Canada’s U23 basketball team defeats France 78-60 to claim Gold at Globl Jam

TORONTO — Aaliyah Edwards gave fans a high-five and posed for photos as she left the Mattamy Athletic Center field with her teammates on Sunday, clutching her tournament MVP trophy.

TORONTO — Aaliyah Edwards gave fans a high-five and posed for photos as she left the Mattamy Athletic Center field with her teammates on Sunday, clutching her tournament MVP trophy.

Canada had easily beaten France 78-60 moments earlier in the inaugural Globl Jam tournament.

Billed as a bridge between the national youth and senior programs, as well as a rare opportunity for Canadians to play basketball at home, the Under-23 tournament was also something of a coming-out party for Edwards and the stars. rising women Merissah Russell, Shaina Pellington and Shy Day-Wilson.

“It was amazing,” Edwards said. “It’s been great to have a lot of community… just coming to watch women’s basketball. Women’s basketball is growing here in Canada, and it’s great to have people coming to see what we have got, we can be dominant and we can be aggressive on the pitch.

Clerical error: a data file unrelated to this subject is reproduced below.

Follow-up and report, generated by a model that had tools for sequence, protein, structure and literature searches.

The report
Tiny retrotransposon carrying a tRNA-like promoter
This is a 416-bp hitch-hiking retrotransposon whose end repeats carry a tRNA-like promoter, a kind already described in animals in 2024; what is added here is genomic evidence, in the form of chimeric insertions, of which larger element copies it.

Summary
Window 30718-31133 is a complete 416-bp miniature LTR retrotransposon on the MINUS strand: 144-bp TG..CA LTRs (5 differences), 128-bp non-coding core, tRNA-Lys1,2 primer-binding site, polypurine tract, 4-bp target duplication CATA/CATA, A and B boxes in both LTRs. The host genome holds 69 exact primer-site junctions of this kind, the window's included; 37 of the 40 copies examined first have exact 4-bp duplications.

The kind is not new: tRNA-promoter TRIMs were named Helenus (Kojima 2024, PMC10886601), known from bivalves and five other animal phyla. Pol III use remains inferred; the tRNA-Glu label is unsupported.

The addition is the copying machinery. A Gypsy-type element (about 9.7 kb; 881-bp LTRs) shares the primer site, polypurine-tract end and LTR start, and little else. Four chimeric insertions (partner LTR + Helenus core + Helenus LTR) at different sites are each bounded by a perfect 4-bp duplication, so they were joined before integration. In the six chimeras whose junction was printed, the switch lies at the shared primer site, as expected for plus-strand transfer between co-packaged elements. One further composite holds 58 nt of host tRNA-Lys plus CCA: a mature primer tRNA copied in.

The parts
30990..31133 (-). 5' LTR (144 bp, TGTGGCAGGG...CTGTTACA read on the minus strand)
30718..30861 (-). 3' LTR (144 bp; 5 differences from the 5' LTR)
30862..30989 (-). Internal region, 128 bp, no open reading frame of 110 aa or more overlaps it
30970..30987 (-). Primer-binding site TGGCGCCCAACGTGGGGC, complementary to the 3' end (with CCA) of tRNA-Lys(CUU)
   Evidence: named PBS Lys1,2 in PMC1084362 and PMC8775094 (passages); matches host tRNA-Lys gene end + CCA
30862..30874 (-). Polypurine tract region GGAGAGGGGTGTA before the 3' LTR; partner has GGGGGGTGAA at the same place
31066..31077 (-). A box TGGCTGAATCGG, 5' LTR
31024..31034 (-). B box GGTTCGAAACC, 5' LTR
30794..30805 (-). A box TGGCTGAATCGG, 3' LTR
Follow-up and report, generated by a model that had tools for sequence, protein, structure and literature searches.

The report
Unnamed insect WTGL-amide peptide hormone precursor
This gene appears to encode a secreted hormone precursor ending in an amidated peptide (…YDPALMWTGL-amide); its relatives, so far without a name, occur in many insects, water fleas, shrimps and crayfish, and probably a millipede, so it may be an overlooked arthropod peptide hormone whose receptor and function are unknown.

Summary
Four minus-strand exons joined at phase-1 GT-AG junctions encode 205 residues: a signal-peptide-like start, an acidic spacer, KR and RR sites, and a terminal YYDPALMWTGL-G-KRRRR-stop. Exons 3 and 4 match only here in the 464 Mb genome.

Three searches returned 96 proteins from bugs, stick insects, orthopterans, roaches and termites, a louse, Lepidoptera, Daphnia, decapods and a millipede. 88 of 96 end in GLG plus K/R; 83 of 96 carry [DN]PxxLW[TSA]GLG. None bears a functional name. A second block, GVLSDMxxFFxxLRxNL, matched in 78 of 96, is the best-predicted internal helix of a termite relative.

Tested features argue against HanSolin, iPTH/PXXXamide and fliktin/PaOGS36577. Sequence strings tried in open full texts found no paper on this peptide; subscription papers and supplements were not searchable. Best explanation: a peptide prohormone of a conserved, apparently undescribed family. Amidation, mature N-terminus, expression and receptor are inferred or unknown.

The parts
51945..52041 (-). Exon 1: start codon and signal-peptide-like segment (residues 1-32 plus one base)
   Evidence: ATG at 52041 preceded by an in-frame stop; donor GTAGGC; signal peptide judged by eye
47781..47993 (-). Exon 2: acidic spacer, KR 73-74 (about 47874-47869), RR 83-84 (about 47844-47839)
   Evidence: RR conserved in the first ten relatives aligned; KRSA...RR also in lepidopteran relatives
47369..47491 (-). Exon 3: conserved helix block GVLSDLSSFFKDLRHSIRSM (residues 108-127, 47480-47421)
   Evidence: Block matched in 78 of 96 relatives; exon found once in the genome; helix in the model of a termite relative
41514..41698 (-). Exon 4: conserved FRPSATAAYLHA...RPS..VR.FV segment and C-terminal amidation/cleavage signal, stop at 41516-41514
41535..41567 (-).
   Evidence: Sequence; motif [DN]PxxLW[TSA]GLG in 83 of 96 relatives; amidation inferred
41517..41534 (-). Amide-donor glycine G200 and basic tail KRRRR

“I’ve talked (to my friends and family) about my quality, to let them see how good I am in person, it’s awesome,” she added with a laugh.

Day-Wilson had 19 points and nine assists, while Edwards, a Connecticut Huskies forward, added 13 points and seven rebounds. Russell, a Louisville forward, added 11 points, while Arizona guard Pellington finished with 10.

“For us college players, being able to play at home is great for us because people are used to trying to find a stream (broadcast) or link to watch us in the States,” said Edwards, who had 20 years a day earlier. . “So it’s great to have a real advantage on the pitch and to feel the love.”

Baylor University, representing the United States, lost a heartbreaker 77-73 to Brazil in the men’s final on Sunday night, after eliminating Canada 93-87 on Saturday.

Yago Dos Santos led Brazil with 30 points, 11 assists and six rebounds in the gold medal final, while Caio Pacheco scored 12 points and Marcio Santos scored 11.

Jalen Bridges had 13 points for the United States, and teammate Keyonte George added 12. Jordan Turner and Dantwan Grimes each scored 11 points for the Americans, who trailed 42-38 at halftime .